It’s a conspiracy theory that’s been nurtured for a long time: someone mentions taking a holiday in the vicinity of their phone and the next thing you know, they’re being shown ads about flights and hotel accommodation on Facebook.
People have believed that their phones have secretly been listening to them to gather data for targeted advertising, building a myth that a bunch of computer science academics at Northeastern University in Boston, Massachusetts, decided to look into.
While they found no evidence to suggest that phones are doing any eavesdropping on conversations, what they found instead was just as creepy.
A whole new conspiracy
The year-long study (opens in new tab) looked at several thousand apps and whether they were secretly using the phone’s microphone to record audio. 17,260 popular Android apps were monitored on 10 Android handsets using an automated program that notes what media files get sent out from each app. The apps included Facebook and over 8,000 apps that send information to the social media giant.
As Gizmodo (opens in new tab) reports, there wasn’t a single instance when the apps turned on the phone’s microphone or sent out any audio files. Instead, some apps were making screen recordings and sharing those with third parties.
As an example, Gizmodo cites GoPuff – a junk food delivery app – recording user interactions with the app and sending them to a mobile analytics company called Appsee.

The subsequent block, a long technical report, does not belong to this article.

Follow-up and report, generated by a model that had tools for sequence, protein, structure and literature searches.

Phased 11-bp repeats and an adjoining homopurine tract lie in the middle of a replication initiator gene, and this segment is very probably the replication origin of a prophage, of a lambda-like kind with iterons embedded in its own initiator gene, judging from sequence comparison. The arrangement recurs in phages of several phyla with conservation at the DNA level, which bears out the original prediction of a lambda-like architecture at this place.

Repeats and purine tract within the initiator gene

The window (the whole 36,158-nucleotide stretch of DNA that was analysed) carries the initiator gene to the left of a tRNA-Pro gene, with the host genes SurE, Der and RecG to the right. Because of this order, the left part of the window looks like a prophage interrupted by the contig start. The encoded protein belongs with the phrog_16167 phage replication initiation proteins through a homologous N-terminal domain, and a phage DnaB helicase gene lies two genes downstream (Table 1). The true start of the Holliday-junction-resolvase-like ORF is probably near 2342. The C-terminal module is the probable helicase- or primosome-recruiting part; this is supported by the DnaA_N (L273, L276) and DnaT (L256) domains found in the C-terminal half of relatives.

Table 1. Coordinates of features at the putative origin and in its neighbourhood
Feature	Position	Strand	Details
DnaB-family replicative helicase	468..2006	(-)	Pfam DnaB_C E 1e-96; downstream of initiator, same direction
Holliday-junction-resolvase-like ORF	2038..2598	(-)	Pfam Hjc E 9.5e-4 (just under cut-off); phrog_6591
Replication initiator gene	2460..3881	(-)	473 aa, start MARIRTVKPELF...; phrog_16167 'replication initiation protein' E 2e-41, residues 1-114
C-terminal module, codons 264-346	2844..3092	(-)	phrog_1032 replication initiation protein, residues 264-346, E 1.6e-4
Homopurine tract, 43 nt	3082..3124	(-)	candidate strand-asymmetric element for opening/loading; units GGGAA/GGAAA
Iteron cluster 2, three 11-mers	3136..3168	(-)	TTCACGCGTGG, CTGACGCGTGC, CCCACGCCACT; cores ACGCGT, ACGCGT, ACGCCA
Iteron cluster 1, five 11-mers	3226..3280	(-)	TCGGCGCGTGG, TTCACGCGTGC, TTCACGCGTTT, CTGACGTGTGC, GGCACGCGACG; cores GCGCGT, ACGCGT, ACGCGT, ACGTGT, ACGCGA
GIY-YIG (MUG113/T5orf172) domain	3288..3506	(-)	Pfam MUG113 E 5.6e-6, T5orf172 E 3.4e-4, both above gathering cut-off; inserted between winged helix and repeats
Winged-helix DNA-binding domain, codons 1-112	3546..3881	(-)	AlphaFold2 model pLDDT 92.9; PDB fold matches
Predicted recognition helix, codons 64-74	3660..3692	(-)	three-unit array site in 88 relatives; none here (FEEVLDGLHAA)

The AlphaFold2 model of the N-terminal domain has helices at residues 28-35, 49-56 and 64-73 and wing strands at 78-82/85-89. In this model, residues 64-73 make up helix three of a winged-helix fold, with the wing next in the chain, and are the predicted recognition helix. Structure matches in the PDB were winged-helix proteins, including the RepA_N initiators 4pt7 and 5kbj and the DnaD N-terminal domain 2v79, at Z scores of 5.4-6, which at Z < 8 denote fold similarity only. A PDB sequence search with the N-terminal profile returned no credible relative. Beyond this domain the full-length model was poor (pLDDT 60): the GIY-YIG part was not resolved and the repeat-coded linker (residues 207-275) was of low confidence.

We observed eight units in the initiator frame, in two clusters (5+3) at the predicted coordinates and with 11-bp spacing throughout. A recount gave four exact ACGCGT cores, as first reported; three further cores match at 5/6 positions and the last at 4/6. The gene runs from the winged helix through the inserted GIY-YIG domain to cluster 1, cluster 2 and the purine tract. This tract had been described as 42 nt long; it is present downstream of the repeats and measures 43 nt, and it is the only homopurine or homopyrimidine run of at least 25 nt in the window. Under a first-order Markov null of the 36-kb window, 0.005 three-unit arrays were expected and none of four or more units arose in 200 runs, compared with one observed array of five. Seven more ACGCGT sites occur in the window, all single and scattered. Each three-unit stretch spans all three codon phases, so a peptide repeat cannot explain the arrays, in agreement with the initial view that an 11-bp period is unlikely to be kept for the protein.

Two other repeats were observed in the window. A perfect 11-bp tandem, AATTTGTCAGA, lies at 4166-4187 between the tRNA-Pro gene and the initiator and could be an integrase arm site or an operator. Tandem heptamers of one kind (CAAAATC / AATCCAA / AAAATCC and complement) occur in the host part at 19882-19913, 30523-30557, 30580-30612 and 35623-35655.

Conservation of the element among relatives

The scientific method
Like all good scientists, the research team has admitted that the study has its limitations and makes no definitive claim that apps may never secretly eavesdrop; just that there was no evidence of that happening.
The academics admit that automated systems can’t replicated human interactions, so results may vary when used by a real person. And, unlike humans, the program is unable to sign into apps and could well have missed some audio files processed locally on the device that were sent out.
Either way, we know it’s possible that apps like Facebook can find ways and means of accessing user information, and this study may just further justify the current social climate around issues of personal data and user privacy.
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[Via Gizmodo (opens in new tab)]